This is a reblog by another author on one of my favorite writing blog for teachers.
“Squidward, don’t you see? Waiting and watching? That’s not what the box is all about! It’s about… [makes rainbow with his hands] …imagination.”
~ Spongebob Squarepants
I remember as a kid watching cartoons with my sister and laughing when Bugs Bunny outwitted a foe. Then we’d hear our dad in the background busting a gut. “Why are you laughing so hard, Dad? What’s so funny?” He’d compose himself and say “It’s hard to explain. You’ll understand when you are older.” My sister and I would shrug our shoulders and return to our regularly scheduled programming. He was right though. When I got older, I realized many cartoons had messages that only adults understood.
When Spongebob Squarepants debuted in the late 1990s, there was a movement by some parents who believed the cartoon was bad for children and dumbed down the intelligence of all who watched it. If those parents really watched some episodes and understood their significance, they would have heard messages of morality embedded in some shows. (And yes, many more episodes are just slapstick humor, but not everything has to have meaning.) Spongebob creators used metaphor, symbolism, satire, and allegory to shine a light on issues such as bullying, swearing, and media manipulation.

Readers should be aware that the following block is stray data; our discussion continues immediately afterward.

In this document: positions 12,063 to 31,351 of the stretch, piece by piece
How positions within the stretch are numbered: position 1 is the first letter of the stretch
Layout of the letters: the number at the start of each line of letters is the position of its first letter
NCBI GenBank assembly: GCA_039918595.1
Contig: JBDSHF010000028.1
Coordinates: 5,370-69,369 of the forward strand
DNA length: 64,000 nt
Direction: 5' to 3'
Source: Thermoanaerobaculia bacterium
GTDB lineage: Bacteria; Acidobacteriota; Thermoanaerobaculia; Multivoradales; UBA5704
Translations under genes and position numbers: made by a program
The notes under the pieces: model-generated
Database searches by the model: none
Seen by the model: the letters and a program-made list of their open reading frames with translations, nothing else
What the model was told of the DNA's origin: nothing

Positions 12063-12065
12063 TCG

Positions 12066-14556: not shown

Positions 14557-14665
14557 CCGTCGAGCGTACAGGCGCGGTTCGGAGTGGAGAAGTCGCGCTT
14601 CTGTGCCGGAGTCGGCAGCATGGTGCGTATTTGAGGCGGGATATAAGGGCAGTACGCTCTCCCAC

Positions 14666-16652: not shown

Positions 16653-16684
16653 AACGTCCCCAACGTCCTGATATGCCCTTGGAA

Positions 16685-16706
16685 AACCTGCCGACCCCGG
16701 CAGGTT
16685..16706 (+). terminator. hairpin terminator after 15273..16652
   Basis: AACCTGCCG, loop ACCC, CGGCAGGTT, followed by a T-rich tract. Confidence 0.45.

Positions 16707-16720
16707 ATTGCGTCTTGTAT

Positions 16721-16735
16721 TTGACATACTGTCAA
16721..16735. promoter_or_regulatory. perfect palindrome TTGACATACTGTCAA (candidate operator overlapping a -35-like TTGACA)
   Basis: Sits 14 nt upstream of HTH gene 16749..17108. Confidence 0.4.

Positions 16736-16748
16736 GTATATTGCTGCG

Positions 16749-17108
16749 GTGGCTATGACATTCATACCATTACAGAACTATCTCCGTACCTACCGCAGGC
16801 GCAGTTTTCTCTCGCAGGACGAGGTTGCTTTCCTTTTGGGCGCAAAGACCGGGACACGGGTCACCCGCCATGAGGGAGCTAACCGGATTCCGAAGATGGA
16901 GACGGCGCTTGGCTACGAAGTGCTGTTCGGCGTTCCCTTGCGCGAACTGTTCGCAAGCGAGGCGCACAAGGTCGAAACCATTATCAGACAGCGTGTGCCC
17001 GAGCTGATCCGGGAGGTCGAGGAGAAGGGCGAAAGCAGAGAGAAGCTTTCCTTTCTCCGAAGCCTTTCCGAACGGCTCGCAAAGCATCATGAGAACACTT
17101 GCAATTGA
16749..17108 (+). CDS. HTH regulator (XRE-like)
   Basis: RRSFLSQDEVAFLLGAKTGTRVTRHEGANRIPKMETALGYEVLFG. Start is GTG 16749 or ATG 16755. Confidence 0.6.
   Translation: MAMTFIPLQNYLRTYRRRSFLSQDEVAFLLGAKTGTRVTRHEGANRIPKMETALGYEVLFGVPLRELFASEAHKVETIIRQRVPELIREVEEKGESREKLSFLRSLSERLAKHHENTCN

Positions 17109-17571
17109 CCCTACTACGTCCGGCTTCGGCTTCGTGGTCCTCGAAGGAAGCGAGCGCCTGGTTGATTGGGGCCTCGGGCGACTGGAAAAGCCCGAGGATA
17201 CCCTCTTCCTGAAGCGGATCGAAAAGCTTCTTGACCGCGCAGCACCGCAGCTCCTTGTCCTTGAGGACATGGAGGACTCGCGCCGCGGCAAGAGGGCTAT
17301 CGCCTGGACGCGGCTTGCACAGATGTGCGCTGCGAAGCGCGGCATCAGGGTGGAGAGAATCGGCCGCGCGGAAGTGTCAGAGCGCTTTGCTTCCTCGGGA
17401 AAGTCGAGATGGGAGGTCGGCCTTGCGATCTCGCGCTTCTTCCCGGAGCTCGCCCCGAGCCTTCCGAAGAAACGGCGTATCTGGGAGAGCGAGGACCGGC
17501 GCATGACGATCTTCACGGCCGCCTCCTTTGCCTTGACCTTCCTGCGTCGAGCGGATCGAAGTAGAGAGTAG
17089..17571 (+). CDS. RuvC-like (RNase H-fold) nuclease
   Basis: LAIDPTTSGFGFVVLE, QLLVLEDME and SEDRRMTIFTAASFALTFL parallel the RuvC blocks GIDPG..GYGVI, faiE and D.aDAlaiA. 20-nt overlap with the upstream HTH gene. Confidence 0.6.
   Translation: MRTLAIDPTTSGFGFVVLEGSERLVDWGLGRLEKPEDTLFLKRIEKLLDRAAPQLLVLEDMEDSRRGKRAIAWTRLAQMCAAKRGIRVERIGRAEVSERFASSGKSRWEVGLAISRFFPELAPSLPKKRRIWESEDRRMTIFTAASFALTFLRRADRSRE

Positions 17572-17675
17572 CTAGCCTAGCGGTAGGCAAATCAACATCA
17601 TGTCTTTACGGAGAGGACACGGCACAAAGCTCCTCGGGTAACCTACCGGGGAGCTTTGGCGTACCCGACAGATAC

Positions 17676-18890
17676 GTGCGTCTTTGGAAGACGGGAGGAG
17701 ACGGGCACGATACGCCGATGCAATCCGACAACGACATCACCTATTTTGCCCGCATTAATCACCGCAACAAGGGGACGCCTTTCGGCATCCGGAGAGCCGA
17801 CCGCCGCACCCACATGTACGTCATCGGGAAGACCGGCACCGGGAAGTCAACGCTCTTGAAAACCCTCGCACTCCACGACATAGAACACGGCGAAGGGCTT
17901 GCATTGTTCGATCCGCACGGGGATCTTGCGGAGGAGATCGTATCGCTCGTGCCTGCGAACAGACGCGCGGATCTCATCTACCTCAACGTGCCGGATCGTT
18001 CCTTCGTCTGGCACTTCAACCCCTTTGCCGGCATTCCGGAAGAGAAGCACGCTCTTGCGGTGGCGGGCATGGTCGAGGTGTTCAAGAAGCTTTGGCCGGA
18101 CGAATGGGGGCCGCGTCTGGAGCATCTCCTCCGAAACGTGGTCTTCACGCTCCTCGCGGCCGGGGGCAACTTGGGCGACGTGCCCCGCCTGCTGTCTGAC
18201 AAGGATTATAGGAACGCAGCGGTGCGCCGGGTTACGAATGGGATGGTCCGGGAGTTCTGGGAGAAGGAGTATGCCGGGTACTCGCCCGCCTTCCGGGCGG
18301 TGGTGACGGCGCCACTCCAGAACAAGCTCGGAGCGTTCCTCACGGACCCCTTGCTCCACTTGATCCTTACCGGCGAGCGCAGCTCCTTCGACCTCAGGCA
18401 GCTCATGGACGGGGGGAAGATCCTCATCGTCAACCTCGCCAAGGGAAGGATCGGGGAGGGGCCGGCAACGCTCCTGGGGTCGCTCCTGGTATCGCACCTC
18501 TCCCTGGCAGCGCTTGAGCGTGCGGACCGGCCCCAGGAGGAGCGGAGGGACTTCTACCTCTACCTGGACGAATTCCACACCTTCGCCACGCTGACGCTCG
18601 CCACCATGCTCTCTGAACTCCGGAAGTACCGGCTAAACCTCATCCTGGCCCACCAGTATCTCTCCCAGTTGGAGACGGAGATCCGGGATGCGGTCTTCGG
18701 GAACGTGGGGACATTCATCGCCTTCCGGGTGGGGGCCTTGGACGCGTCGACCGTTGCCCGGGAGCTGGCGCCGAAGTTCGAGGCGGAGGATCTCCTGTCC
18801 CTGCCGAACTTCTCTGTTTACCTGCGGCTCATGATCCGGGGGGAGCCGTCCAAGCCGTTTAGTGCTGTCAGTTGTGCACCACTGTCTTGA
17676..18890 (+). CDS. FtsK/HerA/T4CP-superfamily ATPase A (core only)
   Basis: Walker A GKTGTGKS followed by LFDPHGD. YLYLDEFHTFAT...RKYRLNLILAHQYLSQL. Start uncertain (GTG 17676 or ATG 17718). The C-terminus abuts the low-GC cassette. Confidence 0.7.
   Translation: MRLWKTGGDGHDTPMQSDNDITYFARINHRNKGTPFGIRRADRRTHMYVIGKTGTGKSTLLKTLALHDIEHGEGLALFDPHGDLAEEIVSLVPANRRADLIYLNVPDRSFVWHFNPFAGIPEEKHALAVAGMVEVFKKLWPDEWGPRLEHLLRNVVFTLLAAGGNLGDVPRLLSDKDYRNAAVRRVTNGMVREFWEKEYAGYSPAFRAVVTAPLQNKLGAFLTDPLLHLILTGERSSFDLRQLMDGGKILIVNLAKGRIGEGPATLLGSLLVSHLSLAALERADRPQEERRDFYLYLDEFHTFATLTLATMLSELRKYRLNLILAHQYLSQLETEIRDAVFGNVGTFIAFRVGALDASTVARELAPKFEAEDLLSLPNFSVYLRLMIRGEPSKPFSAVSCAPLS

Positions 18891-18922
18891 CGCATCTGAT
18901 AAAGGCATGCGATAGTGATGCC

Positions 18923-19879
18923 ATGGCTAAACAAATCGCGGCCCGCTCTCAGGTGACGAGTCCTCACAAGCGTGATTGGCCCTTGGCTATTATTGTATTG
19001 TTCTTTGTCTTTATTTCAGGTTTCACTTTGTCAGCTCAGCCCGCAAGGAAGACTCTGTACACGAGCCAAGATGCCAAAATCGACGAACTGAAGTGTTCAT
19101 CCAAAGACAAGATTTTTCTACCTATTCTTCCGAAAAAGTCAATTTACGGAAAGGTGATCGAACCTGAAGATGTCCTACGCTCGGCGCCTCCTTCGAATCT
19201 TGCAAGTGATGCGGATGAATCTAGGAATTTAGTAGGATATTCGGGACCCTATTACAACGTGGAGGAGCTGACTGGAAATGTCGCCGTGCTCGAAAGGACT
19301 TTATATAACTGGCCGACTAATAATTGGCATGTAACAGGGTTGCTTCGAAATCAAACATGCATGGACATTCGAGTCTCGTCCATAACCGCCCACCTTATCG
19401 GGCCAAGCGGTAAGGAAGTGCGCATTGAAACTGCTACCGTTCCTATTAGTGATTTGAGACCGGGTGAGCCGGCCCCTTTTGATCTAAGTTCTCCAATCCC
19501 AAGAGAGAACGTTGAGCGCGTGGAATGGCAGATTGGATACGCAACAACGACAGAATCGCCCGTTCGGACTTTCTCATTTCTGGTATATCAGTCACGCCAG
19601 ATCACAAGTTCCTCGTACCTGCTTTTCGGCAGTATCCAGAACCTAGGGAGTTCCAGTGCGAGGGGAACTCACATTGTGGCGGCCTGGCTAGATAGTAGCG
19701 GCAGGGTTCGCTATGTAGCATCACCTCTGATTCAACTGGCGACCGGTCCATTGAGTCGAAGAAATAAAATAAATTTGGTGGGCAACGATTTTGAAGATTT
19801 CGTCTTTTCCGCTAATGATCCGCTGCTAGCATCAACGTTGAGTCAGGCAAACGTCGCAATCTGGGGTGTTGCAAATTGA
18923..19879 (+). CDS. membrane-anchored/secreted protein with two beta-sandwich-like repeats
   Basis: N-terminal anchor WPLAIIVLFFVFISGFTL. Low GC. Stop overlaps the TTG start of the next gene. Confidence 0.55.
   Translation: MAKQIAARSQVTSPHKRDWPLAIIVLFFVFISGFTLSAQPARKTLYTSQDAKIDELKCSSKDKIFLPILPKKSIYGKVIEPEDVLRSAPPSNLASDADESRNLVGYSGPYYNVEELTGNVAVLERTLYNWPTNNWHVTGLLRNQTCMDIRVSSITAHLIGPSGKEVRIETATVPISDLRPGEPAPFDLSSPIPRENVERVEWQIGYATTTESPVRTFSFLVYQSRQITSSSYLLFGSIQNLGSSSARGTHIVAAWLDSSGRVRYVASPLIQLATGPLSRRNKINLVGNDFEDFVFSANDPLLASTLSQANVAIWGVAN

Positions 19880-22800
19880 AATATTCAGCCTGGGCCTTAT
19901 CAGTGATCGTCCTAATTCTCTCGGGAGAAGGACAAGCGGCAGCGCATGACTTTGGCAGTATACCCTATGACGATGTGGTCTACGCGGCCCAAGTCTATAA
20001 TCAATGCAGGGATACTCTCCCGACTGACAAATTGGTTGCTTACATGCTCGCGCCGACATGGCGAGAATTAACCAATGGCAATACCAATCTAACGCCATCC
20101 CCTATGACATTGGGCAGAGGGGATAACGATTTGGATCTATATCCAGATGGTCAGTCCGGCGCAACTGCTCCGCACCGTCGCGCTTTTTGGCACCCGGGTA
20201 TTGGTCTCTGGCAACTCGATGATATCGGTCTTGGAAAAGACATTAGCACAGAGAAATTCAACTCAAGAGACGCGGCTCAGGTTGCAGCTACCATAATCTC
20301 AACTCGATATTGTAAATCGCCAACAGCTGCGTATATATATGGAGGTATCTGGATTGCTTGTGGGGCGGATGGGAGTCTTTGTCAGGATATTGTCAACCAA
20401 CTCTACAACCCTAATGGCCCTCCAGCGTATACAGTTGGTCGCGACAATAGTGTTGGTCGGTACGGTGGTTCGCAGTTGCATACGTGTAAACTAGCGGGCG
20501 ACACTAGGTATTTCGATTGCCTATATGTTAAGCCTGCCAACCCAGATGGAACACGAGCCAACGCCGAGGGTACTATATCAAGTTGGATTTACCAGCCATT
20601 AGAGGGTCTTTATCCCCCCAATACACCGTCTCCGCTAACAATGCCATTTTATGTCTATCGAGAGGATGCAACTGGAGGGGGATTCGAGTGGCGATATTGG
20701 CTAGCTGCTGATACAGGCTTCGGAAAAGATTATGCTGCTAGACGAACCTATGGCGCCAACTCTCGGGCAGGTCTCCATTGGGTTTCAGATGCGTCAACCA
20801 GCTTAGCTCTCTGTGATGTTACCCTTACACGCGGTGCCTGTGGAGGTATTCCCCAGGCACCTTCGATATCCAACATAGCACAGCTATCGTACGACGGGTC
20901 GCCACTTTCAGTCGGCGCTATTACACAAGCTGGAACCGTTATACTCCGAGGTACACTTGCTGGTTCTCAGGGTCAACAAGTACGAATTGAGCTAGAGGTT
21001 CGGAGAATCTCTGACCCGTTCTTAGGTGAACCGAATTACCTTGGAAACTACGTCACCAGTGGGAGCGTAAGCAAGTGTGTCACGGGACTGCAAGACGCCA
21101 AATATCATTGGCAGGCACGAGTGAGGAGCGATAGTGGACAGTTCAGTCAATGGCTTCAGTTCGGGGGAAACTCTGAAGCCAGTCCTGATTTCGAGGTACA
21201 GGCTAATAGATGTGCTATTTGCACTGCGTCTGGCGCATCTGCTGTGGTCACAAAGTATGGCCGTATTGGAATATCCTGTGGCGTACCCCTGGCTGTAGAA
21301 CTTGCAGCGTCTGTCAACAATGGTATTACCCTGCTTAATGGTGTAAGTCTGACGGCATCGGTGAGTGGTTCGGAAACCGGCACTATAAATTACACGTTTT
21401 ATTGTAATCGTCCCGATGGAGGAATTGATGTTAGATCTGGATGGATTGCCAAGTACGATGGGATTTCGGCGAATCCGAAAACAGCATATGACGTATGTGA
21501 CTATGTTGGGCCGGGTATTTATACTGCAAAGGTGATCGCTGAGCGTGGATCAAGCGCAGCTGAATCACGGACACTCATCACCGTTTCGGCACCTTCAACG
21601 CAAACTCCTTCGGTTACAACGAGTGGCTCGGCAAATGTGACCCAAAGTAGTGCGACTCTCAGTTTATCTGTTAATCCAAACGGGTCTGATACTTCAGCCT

As I started to plan my sophomore unit on Lord of the Flies, I needed to teach allegory. I looked for allegorical songs or images that resonated with students to teach the concept. One rainy day, I invited students to spend brunch in my class, and I noticed a lot of Spongebob, Patrick, and Squidward drawings left on my white boards. That’s when I got the inspiration for my lesson: Spongebob as Allegory. The one episode I knew would hit home was Idiot Box – not because of the name but its iconic meme.
Here’s how the lesson shaped up …
Essential Question: What is allegory and how is it used to convey hidden meaning and messages about morality?
Definition of allegory: A story, poem, or picture that can be interpreted to reveal a hidden meaning, typically a moral or political one.
“Lord of the Flies” is an allegorical novel about how the desire for power can overpower and destroy the structure of a civil society.
Get students thinking
Look at advertising images for visual metaphors. Make a note of what details you notice. Pair-share with a partner: What hidden meaning do you think the picture is trying to convey?
1. Smoke baby – anti-smoking message
2. Puma leaping over Addias – Puma is a better brand
3. Light bulb – provides energy; also a symbol of a “bright idea” to save energy
Class share out and discussion.
Spongebob as Allegory
Look at allegory in “Idiot Box” (season 3, airdate: 3/1/2002). We’ll stop along the way and look at particular moments to discuss the meaning in each scene.
- Stop 1: Patrick and Spongebob receive a delivery of a large box. They unwrap it to reveal a large screen TV. They pull it out and throw the TV to the curb as a dumbfounded Squidward watches on and asks: “Let me get this straight, you two ordered a giant screen television just so you could play in the box?” What happened? Why did they throw the TV to the curb like garbage? What does that action represent?